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Wednesday, September 16, 2015

Mass Surveillannce

Beyond Privacy: The Costs and Consequences of Mass Surveillance

Thus far, the debates surrounding mass communications surveillance have tended to focus on the importance of preserving privacy rights. Yet, as Esther Kersley reminds us today, the global shift to security by ‘remote control’ also comes with other costs and consequences.

Esther Kersley [in Sustainable Security] | September 14, 2015

This article is part of the Remote Control Warfare series, a collaboration with Remote Control, a project of the Network for Social Change hosted by Oxford Research Group.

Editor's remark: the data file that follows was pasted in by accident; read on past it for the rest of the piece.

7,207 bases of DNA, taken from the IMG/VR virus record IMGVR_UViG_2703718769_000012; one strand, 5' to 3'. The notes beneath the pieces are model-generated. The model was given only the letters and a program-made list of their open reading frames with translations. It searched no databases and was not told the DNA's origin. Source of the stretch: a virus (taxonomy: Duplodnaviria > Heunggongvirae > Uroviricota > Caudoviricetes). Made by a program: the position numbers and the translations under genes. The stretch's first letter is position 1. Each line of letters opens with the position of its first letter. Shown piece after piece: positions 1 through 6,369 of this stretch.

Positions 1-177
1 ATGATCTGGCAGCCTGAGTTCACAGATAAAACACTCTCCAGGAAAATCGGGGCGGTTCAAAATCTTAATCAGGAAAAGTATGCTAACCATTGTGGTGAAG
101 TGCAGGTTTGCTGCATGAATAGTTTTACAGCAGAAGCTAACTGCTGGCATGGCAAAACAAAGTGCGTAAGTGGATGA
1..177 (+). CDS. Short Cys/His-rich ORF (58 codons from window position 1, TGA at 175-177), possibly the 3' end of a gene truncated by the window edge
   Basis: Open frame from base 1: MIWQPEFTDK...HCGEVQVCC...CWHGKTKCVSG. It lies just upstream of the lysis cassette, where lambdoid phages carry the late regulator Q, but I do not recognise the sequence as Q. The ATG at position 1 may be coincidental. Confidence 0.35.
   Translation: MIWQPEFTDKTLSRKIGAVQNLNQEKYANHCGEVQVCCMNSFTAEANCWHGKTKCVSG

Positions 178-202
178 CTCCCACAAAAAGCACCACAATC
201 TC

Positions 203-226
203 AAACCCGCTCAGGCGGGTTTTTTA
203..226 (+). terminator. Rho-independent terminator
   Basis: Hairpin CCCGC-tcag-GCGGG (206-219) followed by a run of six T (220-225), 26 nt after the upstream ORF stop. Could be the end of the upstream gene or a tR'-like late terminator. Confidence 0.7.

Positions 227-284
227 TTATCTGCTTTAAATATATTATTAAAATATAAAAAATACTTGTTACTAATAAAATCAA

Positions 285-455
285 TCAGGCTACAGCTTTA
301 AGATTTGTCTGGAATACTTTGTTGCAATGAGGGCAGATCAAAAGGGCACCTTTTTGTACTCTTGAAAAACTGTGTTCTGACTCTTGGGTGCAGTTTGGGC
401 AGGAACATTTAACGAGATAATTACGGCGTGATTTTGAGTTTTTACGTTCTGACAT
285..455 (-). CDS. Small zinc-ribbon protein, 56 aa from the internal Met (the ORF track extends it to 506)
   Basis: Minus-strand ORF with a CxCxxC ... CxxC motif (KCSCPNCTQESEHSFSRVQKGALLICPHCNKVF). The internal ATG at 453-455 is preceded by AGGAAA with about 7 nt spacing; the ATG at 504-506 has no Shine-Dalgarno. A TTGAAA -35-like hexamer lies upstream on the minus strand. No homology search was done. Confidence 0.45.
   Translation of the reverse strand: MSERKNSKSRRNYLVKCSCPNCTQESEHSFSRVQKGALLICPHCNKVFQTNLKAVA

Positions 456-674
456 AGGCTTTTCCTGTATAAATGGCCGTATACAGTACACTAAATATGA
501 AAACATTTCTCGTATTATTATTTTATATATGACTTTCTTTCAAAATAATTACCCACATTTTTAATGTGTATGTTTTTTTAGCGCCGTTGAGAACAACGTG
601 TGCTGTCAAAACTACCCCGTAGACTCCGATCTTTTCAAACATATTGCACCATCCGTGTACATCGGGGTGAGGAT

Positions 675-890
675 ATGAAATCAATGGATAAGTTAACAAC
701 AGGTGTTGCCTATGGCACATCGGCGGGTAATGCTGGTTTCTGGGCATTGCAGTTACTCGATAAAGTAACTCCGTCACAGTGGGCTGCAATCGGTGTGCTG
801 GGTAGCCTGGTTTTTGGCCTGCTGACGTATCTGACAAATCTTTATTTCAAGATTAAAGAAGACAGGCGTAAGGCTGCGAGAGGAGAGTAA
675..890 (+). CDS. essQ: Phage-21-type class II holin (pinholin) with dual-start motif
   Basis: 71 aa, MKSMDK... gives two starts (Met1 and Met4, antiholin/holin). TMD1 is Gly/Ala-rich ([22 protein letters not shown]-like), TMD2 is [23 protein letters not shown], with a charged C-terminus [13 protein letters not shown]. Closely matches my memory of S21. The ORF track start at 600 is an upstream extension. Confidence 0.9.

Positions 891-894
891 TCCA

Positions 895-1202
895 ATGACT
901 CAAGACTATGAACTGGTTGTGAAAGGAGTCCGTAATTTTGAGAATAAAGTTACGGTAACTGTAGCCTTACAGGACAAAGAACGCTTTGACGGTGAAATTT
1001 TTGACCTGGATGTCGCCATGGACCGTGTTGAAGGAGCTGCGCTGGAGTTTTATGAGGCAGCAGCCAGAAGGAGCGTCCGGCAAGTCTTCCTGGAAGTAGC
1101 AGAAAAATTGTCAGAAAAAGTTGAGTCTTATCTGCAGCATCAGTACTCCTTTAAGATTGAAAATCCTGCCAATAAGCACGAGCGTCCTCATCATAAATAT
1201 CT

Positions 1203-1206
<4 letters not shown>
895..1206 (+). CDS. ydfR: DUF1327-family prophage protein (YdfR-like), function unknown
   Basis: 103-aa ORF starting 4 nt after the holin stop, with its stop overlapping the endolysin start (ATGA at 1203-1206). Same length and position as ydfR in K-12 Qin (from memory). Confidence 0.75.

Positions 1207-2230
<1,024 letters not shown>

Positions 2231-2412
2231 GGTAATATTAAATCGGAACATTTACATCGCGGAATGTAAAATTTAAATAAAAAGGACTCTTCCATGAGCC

Following a recent Remote Control Project briefing paper, Mass surveillance: security by ‘remote control’ – consequences and effectiveness, this piece explores the hidden costs of government mass surveillance programmes.
Last week the new UN privacy chief said UK surveillance was “worse than [George Orwell’s novel] 1984”. In the two years since the Snowden leaks revealed the existence of bulk internet and phone surveillance by US intelligence services and their partners, including the UK, the British government continues to engage in the mass collection of citizens’ communications data.

<more at; related links: (NSA bulk data collection ruled illegal – read the court document. Court of appeals says NSA surveillance program is unlawful, as judges say: ‘The text of section 215 cannot bear the weight the government asks us to assign to it’, May 7, 2015) and (What is Tor? A beginner's guide to the privacy tool
The anonymity software has sparked controversy but who built it, what is it used for, what browser does it use – and why is the NSA so worried by it?. November 5, 2013)>

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